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The Dying Art of Reading

Approximately 120,000 books are published in America every year. Sadly, few of us ever read them. At least, that’s what some recent stats suggest.

According to a survey from the Jenkins Group, Americans have some dismal reading habits (HT Mental Floss).

  • 1/3 of high school graduates never read another book for the rest of their lives.
  • 42 percent of college graduates never read another book after college.
  • 80 percent of U.S. families did not buy or read a book last year
  • 70 percent of U.S. adults have not been in a bookstore in the last five years.
  • 57 percent of new books are not read to completion.

As a self-confessed bibliophile, that’s just depressing. I’m not sure which is worse, that even college graduates have such terrible reading habits, or that so many families didn’t even bother to buy a single book last year. (I have to confess that I rarely buy books from concrete-and-mortar bookstores either, though I still go on occasion to enjoy the ambiance. Yes, I’m a hypocrite that way.)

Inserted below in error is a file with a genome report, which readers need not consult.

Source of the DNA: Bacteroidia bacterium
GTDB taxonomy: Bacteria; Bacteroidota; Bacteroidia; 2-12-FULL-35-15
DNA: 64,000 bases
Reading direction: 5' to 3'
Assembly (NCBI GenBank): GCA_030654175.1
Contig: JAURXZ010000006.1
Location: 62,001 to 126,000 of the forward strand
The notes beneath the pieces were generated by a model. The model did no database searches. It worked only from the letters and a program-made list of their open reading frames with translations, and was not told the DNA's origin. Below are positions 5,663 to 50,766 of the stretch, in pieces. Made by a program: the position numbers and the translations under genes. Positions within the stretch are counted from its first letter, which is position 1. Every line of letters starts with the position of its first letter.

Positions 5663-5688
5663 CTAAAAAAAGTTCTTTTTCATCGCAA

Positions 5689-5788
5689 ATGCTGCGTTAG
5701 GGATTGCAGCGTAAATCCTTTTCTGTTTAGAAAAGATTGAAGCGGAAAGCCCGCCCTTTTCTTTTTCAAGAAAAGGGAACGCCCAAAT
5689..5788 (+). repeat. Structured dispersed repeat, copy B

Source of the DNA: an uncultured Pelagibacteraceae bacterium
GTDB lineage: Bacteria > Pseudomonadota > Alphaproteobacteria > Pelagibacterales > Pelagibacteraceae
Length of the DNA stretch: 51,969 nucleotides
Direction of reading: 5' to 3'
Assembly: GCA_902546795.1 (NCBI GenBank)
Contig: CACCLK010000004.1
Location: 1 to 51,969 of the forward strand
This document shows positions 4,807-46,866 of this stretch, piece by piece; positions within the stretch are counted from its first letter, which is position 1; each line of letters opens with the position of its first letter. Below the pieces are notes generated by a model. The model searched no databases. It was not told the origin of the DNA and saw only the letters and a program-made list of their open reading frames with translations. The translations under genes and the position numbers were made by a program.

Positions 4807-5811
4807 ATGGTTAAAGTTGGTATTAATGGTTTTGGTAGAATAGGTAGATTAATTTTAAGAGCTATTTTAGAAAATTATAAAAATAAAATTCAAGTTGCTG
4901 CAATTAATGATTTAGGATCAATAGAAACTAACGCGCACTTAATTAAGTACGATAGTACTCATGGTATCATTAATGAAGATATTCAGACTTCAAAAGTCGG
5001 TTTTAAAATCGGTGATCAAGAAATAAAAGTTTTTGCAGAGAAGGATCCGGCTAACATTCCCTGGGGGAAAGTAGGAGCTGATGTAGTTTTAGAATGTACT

But, more importantly, I worry about this lack of attention to the written word for the church today. Granted, the church has often demonstrated the ability to flourish in non-literate cultures. So, reading itself isn’t the only medium of formation. But, in all the examples that come to mind, those cultures retained a strong emphasis on oral education. And,we’re not doing that.  At the same time that we are neglecting the written word, we’re also at the tail-end of a decades long shift toward shorter sermons and fewer weekly services dedicated to serious lay development. Put those two together, and you have a recipe for spiritual anemia.

Technology is either destroying us or making us better…it’s hard to say